Does Naltrexone Treatment for Alcohol Disorders Reduce Health-Care Costs?
Naltrexone can decrease relapse in patients with alcohol dependence, but its effect on health-care costs is unknown. Researchers analyzed 2000–2004 data from a large health-care insurance claims database and identified 3 patient groups: a naltrexone group with an alcohol-related diagnosis and R1 claims for naltrexone (n=1138); a control group with an alcohol-related diagnosis but no claims for naltrexone (n=3411); and a control group with no alcohol-related diagnosis or claims for naltrexone (n=3410). Patients in the control groups were matched 3:1 to a naltrexone-group subject by demographics, region, health plan type, and index (start-of-naltrexone) date. Adjusted multivariable regression models were used to assess differences in health-care costs between the groups 6 months before and 6 months after the index date.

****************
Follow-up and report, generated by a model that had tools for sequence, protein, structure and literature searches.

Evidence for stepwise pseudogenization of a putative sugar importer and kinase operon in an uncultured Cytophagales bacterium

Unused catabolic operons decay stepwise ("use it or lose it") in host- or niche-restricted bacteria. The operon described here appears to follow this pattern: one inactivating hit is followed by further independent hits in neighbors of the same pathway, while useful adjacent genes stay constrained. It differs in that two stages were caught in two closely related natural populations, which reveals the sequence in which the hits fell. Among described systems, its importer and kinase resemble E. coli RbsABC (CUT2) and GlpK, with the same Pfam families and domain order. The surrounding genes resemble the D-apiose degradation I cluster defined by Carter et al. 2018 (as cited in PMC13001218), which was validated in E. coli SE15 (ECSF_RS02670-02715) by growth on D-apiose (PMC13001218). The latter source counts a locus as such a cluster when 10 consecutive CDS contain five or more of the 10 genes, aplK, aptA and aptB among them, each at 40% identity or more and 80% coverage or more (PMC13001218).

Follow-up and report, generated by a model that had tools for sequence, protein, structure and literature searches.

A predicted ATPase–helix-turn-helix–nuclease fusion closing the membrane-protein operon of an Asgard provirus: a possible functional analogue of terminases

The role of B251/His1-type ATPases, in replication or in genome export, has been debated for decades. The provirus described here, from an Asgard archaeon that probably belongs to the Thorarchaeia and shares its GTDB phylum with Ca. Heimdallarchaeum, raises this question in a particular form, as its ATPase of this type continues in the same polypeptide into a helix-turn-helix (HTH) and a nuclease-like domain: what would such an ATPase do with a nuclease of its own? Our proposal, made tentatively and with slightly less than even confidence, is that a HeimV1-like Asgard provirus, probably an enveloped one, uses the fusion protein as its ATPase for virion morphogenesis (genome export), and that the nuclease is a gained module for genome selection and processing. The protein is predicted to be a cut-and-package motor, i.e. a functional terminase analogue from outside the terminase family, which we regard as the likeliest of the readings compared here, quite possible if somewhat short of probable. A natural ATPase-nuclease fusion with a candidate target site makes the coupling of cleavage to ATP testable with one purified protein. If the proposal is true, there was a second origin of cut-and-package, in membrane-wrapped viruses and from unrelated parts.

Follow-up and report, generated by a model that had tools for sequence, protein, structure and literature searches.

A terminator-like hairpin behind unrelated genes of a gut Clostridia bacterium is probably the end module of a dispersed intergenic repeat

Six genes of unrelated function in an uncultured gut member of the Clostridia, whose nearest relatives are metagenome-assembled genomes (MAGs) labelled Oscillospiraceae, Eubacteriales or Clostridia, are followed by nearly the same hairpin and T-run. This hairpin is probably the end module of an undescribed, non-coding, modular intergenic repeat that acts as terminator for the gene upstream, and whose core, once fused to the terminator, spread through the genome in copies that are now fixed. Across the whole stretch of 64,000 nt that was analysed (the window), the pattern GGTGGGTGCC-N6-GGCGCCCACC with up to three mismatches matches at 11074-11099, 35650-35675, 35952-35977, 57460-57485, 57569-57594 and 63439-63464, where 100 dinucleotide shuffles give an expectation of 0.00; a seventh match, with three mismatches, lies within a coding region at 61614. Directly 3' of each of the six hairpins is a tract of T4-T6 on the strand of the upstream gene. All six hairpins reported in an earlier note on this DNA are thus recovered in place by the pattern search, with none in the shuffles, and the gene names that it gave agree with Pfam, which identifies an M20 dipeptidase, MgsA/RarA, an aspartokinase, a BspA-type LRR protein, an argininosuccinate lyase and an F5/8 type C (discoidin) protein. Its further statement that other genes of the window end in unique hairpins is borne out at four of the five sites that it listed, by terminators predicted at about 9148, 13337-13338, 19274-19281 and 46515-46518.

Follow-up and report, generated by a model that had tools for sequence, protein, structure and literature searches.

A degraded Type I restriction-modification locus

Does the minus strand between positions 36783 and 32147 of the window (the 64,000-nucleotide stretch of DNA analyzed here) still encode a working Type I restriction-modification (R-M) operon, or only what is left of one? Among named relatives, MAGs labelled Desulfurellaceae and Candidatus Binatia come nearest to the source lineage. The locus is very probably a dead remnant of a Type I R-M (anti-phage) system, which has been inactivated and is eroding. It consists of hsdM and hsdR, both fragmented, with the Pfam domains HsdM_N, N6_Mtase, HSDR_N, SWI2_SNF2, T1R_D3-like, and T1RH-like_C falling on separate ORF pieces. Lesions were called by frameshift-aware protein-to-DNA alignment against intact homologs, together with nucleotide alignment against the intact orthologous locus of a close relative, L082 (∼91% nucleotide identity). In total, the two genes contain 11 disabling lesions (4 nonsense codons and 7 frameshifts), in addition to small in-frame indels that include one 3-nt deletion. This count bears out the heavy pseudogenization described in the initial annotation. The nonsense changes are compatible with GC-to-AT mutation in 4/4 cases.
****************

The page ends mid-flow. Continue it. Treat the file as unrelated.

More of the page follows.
- Compared with alcohol controls, a greater proportion of the naltrexone group had alcohol-related inpatient admissions (21% versus 1%) and outpatient office visits (50% versus 5%) in the pre-index period.
- Mean total health-care costs increased from the pre-index to the post-index period in each group (naltrexone group, $4,829 to $5,420; alcohol controls, $2,503 to $4,576; nonalcohol controls, $1,414 to $1,496).
- Mean alcohol-related health-care costs increased from the pre-index to the post-index period in the naltrexone group ($1,352 to $1,415; difference, +$63) and the alcohol control group ($68 to $882; difference, +$814).
- Multivariable models showed significantly less increase pre-index to post-index in total, alcohol-related, and nonalcohol-related health-care costs in the naltrexone group compared with alcohol controls.